TITLE OF DEVELOPING PRACTICE EXAMPLE
Health and Well-being Report
Health and Well-being Report
The purpose of this Health and Well-being (HWB) study was to provide indicative and meaningful data on the current state of HWB at Braes High School. This data was then used to build on the current plethora of provisions already in place to further support pupils as they progress through school. It allowed the school to effectively plan and target areas of need amongst the student population. The information gained from this study was also used as part of an individual HWB support/tracking measures that were developed.
This study was developed after an extensive research period which included – Team and pupil meetings, using Stakeholder holder feedback, research into potential study methodologies, collaborative meetings with link DHT at Graeme High school and understanding current political and school changes/initiatives. As a result we created a questionnaire for pupils we felt was appropriate for our setting to gather meaningful data on HWB. From this data gathered we then created a report which highlighted – study methodology, results overview and next steps as result of the findings.
After the various meeting outlined above we created a questionnaire which consisted of 18 questions which were completed over a 4 week period during PSE lessons in school for almost all S1-S6 pupils. The questions were completed through Microsoft forms to allow for quicker completion times and analysis. The study consisted of questions which gathered quantitative and qualitative data. The study split up the HWB indicators used within current Scottish School Legislation – Safe, Healthy, Achieving, Nurtured, Active, Respected, Responsible and Included. Pupils were asked to score themselves from 1-5 based on they felt about the indicator. For example – Pupils were asked if they felt healthy and then had to score themselves from 1 to 5. 1 being not healthy at all and 5 being very healthy. In the follow up question to each indicator pupils were asked to explain why they felt that way. Whilst there were variations in the wording associated with the scoring system, as a general rule pupils who scored themselves between 1-3 were highlighted as requiring support for a specific HWB indicator. The final two questions asked pupils to comment on current support systems within the school and for any other additional comments on HWB. After this information was gathered it was analysed and a report collated (see blank example attached below) which was then issued to staff. It was also presented at a whole school staff session and a number of recommendations were made and implemented to further support pupils HWB.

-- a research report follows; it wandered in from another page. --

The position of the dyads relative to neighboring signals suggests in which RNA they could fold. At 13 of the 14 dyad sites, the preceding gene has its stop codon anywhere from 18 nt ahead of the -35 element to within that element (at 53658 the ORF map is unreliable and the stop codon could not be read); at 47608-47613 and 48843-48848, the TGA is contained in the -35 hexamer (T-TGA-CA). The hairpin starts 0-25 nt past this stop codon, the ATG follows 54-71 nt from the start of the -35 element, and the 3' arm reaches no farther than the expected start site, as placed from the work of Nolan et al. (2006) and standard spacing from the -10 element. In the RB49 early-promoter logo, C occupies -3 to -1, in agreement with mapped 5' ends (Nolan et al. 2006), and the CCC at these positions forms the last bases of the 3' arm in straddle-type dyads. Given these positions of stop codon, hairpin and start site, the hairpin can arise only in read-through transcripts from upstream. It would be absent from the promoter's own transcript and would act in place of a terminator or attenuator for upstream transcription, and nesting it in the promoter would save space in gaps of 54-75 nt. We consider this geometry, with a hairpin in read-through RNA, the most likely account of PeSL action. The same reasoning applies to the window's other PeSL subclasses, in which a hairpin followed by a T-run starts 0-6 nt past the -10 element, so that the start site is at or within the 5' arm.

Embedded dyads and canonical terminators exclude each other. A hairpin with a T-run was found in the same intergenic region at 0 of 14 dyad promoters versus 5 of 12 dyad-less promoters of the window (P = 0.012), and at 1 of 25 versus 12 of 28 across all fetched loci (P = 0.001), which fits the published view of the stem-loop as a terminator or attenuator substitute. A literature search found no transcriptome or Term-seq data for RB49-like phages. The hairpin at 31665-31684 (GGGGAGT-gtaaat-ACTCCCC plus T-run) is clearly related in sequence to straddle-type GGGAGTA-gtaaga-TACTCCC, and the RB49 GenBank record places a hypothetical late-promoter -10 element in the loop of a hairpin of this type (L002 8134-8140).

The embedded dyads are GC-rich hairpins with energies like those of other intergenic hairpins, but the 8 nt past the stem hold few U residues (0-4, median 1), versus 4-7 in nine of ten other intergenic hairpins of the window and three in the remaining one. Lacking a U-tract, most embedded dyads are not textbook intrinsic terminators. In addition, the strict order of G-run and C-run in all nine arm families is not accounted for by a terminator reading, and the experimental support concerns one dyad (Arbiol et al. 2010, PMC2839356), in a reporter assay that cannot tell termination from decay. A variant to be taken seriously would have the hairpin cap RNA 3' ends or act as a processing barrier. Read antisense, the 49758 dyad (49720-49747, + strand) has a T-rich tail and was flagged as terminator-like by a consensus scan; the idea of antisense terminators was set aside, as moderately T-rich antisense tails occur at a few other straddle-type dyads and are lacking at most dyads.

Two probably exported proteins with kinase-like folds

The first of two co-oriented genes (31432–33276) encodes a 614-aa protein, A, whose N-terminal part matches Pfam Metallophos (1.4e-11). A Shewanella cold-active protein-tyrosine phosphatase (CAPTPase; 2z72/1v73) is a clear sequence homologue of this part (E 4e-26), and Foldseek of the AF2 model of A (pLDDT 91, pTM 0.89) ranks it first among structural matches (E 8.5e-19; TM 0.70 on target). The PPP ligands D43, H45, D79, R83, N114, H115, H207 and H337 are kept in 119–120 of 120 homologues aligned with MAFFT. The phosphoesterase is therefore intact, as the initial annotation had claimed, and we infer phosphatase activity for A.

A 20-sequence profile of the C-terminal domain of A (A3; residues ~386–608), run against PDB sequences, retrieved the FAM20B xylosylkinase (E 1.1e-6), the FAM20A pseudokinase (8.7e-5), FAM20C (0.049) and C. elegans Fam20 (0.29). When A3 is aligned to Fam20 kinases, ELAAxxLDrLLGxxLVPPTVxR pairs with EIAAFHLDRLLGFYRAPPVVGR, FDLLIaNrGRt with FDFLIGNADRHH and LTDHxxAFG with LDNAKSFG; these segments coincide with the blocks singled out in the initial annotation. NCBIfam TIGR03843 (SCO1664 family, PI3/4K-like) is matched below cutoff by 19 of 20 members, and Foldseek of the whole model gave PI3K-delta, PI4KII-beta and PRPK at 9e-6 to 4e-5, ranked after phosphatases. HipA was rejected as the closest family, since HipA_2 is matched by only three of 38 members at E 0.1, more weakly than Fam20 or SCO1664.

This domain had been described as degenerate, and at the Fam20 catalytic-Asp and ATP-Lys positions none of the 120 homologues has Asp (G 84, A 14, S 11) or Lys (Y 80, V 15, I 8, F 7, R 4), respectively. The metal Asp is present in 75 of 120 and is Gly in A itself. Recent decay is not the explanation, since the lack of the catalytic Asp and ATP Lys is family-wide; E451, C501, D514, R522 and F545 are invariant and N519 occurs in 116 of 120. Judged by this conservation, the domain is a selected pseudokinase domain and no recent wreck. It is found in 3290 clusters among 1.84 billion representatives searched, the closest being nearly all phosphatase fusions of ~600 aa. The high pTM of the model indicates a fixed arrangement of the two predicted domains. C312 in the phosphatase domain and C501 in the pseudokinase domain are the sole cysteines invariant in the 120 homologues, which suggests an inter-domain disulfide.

Provided a further level of support for any pupils needing help with elements of their HWB.
Important for all staff to see the extremely positive results and understand the impact they are making on young people’s lives.
Allowed us to implement seven recommendations directly from the report.
Provided a further opportunity for pupils to engage with their HWB and the indicators staff use to support them.
Once implemented it is a very easy system/report to update and gather at various points to re-evaluate our school's HWB priorities.
“This report has been instrumental in further identifying areas we can continue to grow our already extensive HWB support offer within in the school to ensure every pupil is supported, happy and healthy”
“This report helped further embed the use of our HWB referral which is now common place amongst staff as another way to identify any pupil who may need extra support from the pastoral team or HWB initiatives in school”
“The process of creating this report really allowed us to gain meaningful, tangible data on our Schools HWB and gave some clear next steps to include in our already extensive school improvement plan around this area”